Easy Reading: Does Your Writing Need Clarity

“It isn’t wordy. It’s technical.”

This was the retort I got recently from a writer after editing his technical article. His article was technically solid, but for our audience I needed something with clear explanations for those who weren’t as educated as he was.

Sooner or later, and for one reason or another, all of us have to string together words and sentences in a readable manner. Although different types of writing involve organizing those words in different ways, anything we produce shouldn’t put our audience to sleep. We need clarity in writing.

It’s true that the short one-hundred word blog post and the technical one-hundred page white paper are written differently. But whether your audience is the casual reader skimming through your web site or the engineer looking for detailed information on your latest widget, your material should still be easy to read.

If your information is technical and for a highly educated audience, it is not an excuse to pad your writing with clichés, to use sentences with ten words when five will do, or to use a five-syllable word when a two-syllable word can be substituted.

And even with a highly technical readership you still should write as plainly as possible. The best articles cut down on the jargon whenever possible. No one is impressed by your use of big words and worse, most people will zone out and ignore your message.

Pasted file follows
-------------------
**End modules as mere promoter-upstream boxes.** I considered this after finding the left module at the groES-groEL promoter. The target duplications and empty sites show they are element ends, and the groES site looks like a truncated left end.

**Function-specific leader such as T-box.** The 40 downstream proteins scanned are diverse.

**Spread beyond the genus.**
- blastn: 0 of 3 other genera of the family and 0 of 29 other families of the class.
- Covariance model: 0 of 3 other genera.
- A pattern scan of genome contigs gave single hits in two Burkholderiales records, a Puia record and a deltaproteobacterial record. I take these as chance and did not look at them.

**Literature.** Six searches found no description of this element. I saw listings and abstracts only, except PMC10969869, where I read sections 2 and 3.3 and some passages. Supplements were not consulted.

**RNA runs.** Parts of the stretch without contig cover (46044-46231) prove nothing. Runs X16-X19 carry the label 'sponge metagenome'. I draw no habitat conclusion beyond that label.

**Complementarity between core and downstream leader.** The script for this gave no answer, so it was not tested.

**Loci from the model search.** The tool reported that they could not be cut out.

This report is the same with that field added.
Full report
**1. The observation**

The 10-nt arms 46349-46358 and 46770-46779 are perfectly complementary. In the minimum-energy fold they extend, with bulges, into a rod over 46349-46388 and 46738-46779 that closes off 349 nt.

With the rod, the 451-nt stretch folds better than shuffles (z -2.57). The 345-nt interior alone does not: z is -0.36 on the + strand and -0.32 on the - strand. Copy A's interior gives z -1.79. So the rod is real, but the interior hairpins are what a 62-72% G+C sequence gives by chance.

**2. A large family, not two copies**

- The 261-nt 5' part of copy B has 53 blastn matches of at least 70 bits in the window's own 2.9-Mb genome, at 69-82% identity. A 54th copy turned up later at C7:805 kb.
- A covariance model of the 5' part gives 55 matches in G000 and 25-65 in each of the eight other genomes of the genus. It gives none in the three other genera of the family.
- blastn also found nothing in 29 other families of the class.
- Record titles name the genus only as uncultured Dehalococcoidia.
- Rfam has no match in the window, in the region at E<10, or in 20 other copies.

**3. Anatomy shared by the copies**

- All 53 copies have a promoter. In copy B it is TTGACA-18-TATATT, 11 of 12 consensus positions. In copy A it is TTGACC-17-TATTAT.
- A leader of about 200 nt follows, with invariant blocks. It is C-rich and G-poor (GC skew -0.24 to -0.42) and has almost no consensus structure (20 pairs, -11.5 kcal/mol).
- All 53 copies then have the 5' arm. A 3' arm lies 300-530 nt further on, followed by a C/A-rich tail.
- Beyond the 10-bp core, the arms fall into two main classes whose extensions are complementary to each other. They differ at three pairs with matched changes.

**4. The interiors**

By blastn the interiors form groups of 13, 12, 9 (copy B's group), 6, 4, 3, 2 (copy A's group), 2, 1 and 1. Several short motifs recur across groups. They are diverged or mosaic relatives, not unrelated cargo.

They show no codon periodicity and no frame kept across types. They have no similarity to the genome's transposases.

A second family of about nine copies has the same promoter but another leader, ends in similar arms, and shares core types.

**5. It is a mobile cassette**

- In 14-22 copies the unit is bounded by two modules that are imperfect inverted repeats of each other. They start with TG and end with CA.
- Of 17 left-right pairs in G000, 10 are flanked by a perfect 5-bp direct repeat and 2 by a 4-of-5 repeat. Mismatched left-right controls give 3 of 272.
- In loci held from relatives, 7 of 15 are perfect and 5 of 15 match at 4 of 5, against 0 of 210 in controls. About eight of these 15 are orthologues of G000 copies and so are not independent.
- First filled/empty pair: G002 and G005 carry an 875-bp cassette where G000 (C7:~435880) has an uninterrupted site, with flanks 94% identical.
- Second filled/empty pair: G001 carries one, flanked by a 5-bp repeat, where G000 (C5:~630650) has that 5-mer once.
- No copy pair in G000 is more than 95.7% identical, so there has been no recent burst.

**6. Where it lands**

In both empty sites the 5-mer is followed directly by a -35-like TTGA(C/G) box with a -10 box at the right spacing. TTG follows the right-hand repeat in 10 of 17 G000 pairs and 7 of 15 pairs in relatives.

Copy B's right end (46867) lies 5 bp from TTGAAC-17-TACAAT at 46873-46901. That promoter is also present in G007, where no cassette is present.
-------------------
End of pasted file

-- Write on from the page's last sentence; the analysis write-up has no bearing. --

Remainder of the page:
Here, then, are three strategies to make your writing easier to read:

  • Avoid clichés: There’s a reason they are called clichés and that is that these phrases are overused. The phrase “thinking outside of the box” comes to mind. Also “my journey” when referring to a personal experience.
  • Don’t use five words when one will do. Cut wordiness like “excessive number of” and substitute “too many,” change “make contact with” to “meet” or “call,” and instead of “with regard to” use “about.” Search your own writing for similar bloated sentences.
  • Use shorter words when you can. For example, would you call a coworker and tell them that you need to “interface” with them on a project? Hopefully you used “meet” instead.

Remember that your article or blog post (and comment on any forum) can be picked up and distributed on to other Internet sites without you knowing. Prospective clients and potential employers will search for you online and anything you wrote leaves a “trail of breadcrumbs” that can be followed.

Writing with clarity doesn’t mean “dumbing down” your message, it just makes sure it’s easy to read.

Trish is a marketing communications specialist with an eclectic background as a marketing manager, feature writer, graphic designer, art teacher, and exec admin.

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